Donatello finished work on his statue of St. John the Evangelist between 1410-1411. The colossal marble piece was placed initially inside a niche of the Duomo in Florence. The
statue was exceptionally well-received. It began a shift in the artistic climate away from Gothic Mannerism and towards naturalism.
St. John the Evangelist is also one of Donatello's earlier works. It displays an unparalleled mastery of perspective. The statue was to be placed far above eye level. To correct the distortion that onlookers would observe from this angle Donatello extended the torso and shortened the legs of St. John.
In Biblical history St. John was one of the original twelve apostles. He was considered a pillar of the church in Jerusalem after the death of Jesus. Donatello portrayed St. John as a noble and introspective prophet. He is seated in traditional flowing robes that hide his body but show off a gracefully sculpted arm and torso.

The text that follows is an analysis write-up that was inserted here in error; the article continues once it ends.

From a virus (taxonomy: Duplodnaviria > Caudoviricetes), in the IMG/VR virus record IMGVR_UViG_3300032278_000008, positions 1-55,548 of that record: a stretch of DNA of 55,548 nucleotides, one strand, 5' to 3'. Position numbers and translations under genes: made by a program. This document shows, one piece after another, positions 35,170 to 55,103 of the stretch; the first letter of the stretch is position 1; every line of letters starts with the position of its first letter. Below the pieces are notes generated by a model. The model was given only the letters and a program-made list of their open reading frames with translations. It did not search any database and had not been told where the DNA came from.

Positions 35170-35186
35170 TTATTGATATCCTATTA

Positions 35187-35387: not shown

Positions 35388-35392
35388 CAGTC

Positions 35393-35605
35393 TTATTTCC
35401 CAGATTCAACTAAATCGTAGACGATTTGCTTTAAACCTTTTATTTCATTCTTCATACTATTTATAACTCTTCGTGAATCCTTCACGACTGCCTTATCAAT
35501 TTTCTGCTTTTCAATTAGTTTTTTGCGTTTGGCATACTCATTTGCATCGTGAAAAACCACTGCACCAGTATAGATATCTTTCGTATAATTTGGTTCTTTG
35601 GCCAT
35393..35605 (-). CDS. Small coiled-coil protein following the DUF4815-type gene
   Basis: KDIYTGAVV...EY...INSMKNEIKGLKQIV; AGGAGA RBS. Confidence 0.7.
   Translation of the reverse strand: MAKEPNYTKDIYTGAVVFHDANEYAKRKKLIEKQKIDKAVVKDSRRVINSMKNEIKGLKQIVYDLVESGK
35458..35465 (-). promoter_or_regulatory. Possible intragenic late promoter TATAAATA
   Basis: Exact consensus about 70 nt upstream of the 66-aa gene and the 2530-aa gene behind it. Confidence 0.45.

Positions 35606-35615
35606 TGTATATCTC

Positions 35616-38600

Before the Renaissance John the Evangelist had usually been depicted has a young man. Donatello did not choose to create an idealized rendition of legend. He decided to show the wisdom of an aging prophet. His St. John has his hand placed carefully atop a book of scripture as his eyes seem to search for some deeper truth.